mistersheik at gmail.com
Tue Jul 7 06:23:14 CEST 2015
This thread is not about hash tables. This thread is about indexing into
an ordered dictionary when you need an ordered dictionary. Someone pointed
out that people expect indexing to be constant time. I agree that no one
expects indexing to be linear time. My point was that logarithmic-time
indexing is reasonable and possible.
On Tue, Jul 7, 2015 at 12:15 AM, Andrew Barnert <abarnert at yahoo.com> wrote:
> On Jul 6, 2015, at 15:04, Neil Girdhar <mistersheik at gmail.com> wrote:
> You can do indexing, insertion, and removal all in logarithmic time (which
> is basically constant)
> If you're dealing with dicts of, say, millions of items, then it's
> "basically constant" with a multiplier of 6-20x worse than the current
> implementation, and only as long as you never need to scale larger (which
> is a pretty major concern if you're writing a general-purpose library or
> something). That's not the same thing as actually constant. There's a
> reason all the scripting languages have hash-based containers, and that the
> systems languages that started off with only tree-based containers later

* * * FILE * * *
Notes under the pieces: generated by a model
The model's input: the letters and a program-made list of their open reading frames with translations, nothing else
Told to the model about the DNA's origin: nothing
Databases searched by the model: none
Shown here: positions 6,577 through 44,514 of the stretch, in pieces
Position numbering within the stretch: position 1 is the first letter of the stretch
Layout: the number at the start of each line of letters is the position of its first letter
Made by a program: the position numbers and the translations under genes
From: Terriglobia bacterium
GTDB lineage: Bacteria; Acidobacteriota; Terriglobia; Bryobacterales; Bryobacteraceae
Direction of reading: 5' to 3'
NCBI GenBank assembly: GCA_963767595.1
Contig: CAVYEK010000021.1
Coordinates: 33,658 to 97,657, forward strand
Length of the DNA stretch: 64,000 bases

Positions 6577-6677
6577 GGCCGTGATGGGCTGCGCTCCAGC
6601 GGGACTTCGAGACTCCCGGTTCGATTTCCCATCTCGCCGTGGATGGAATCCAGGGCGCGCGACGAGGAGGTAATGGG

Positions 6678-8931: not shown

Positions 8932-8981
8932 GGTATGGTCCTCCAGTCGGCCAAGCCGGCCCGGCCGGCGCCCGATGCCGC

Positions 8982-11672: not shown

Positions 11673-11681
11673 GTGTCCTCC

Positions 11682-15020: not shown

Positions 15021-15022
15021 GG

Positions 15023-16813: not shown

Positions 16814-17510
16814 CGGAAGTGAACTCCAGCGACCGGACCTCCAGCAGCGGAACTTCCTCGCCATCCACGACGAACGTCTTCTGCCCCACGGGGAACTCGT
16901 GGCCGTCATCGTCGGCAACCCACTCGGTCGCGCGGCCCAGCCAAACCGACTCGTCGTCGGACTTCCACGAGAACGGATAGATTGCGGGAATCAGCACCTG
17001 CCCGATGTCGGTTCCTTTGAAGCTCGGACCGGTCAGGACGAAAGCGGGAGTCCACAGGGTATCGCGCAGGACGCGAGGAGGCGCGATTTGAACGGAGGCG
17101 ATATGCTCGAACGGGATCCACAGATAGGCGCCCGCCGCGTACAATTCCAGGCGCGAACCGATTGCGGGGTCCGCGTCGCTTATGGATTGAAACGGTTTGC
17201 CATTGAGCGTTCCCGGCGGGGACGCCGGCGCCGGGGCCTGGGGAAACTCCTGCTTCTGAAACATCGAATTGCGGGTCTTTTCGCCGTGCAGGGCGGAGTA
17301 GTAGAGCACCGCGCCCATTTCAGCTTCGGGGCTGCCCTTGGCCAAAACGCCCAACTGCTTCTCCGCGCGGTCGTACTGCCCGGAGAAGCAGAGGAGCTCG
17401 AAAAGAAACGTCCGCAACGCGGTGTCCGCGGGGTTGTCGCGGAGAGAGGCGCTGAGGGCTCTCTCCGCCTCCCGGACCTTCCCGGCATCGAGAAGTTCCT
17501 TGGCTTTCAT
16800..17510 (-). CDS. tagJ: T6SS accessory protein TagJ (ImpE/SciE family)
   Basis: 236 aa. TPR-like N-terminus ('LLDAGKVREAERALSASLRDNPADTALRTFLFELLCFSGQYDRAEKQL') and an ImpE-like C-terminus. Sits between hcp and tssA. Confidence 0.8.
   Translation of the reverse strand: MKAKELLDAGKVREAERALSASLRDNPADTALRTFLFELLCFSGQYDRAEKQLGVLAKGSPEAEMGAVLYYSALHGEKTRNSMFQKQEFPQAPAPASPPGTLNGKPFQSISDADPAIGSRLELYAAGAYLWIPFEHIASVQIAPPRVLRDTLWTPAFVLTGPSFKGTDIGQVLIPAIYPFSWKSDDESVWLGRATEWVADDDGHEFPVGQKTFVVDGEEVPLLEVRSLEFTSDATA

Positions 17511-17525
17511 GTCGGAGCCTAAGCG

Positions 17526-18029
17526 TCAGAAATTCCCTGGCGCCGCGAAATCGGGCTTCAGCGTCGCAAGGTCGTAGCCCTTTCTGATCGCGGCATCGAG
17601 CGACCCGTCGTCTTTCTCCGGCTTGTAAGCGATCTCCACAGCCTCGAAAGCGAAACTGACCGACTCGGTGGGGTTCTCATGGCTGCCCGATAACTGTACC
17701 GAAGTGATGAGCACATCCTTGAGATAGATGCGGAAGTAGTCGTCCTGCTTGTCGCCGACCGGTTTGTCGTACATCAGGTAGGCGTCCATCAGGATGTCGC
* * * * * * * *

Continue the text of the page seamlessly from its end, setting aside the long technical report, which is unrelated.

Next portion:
> added hash-based containers as well.
> Personally, I think it would be great if Python had tree-based sorted
> containers alongside the existing hash-based arbitrary-ordered ones. Then
> it would be trivial to add a tree-based insertion-order container to
> replace the hash-based insertion-order container when it's more appropriate
> to a specific use (e.g., when you need to efficiently random-access-index
> it). But, unless you're doing government work or something else that has no
> access to PyPI, that's already true today, so there's not much to wish for.
> by using a B-tree as the underlying data structure. (See e.g. the blist
> On Mon, Jul 6, 2015 at 5:59 PM, Eric Snow <ericsnowcurrently at gmail.com>
>> On Mon, Jul 6, 2015 at 3:30 PM, Neil Girdhar <mistersheik at gmail.com>
>> > SortedDict (
>> > manages to support indexing. Can OrderedDict do the same thing?
>> Don't forget that, as the docs describe, an "OrderedDict is a dict
>> that remembers the order that keys were first inserted". While
>> obviously there's an implicit sequence for that order, the focus is
>> still on dict-ness with the sequence exposed through the normal
>> mapping approach (iteration). If you want to get sequence semantics
>> then first unpack the order into a sequence type like list or tuple.
>> Or use some other type than OrderedDict.
>> Note that OrderedDict's view types are essentially just dict's view
>> types with custom iteration. Adding indexing to the views would
>> complicate things and certainly would not be O(1) like you would
>> expect indexing to be.
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